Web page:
Extinction Rebellion protest against developer’s decision to axe oak tree
PUBLISHED: 14:55 08 August 2020 | UPDATED: 14:55 08 August 2020
Environmental activists from Extinction Rebellion (XR) and concerned residents marched in Thurston in protest of Persimmon Homes’ decision to axe a centuries-old oak tree as part of their new development.
On Tuesday, contractors on behalf of Persimmon began cutting some of the branches of a tree in Ixworth Road near the entrance to their 250-home College Park development north of the village.
The developer also has planning permission to remove several other oak trees, some believed to be 300 years old, on the side of the road to make way for a new path.
Persimmon said it only plans to remove trees that would pose a safety risk to either motorists or pedestrians.
Campaigners from the Bury St Edmunds branch of XR along with nearby residents began shielding some of the trees in Ixworth Road back in March, arguing that axing them would have a detrimental impact on the environment.
The trees were granted a stay of execution when Mid Suffolk District Council pledged to “explore other options” that could retain the trees.
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However, activists were left shocked on Tuesday when contractors suddenly appeared at one of the trees and barricaded it off.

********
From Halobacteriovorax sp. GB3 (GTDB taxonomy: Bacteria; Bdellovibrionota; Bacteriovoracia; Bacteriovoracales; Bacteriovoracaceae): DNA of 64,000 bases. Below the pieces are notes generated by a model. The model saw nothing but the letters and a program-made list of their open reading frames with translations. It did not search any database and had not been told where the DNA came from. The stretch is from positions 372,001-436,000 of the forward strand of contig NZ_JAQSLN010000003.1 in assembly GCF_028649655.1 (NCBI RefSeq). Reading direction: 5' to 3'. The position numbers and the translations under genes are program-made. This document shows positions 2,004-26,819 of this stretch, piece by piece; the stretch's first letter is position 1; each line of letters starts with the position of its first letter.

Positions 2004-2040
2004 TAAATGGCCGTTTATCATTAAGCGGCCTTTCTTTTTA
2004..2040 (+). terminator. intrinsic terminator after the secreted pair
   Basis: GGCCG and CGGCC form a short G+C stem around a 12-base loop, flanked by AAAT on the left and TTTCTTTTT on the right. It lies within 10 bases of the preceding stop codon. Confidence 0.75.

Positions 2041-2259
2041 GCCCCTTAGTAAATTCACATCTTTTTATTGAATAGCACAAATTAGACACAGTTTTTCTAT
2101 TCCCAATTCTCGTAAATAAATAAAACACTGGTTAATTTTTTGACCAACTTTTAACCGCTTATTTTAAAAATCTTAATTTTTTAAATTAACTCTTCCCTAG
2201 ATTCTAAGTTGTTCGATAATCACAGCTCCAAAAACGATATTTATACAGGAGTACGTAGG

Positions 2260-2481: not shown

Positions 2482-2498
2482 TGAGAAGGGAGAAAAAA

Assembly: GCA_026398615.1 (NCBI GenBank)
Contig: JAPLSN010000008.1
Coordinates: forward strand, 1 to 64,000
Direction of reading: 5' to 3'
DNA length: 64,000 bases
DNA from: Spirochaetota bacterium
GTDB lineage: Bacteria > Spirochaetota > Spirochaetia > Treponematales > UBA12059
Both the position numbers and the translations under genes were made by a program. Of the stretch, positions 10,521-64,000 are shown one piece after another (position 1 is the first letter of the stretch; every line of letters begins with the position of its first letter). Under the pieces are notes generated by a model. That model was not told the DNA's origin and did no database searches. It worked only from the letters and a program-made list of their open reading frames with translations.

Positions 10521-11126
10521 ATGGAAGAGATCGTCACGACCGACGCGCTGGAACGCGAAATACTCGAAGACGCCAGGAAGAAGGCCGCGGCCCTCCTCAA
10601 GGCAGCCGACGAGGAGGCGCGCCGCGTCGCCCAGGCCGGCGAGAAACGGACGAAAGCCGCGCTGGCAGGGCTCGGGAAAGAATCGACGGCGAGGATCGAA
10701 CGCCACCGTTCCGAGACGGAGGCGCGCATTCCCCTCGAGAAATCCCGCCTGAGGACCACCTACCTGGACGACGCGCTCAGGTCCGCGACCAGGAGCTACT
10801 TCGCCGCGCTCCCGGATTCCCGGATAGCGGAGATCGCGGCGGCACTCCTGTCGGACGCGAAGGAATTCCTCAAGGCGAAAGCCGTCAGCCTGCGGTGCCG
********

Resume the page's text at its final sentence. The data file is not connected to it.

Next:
The campaigners were left disappointed as they said the decision was taken without consultation.
A joint statement on behalf of the XR protestors said: “These recent activities have caused fury and distress among residents and activists as it becomes increasingly evident that housing developers, which do not factor in the ecological damage caused by the destruction of our environment, continue to come out on top.
“The underhanded behaviour of Persimmon Homes is particularly reprehensible as they have ignored all of the concerns raised and gone about the destruction of the tree without upholding the agreements reached in the meetings.”
A Persimmon spokesman said: “We were instructed by the Highways Department that the tree at the access point to our site must be removed for highway safety reasons and to comply with the planning consent for the development.
“All parties, including local councillors and Extinction Rebellion, were kept fully informed of the ongoing situation regarding the trees at Thurston and specifically including the oak tree at the entrance to our development.
“We continue to engage in positive discussions with the council and other interested parties to seek alternative outcomes for the remaining trees and we will comply with whatever decision is made.
“We are also exploring options for planting additional trees in and around the village, to provide new green spaces for generations to come.”
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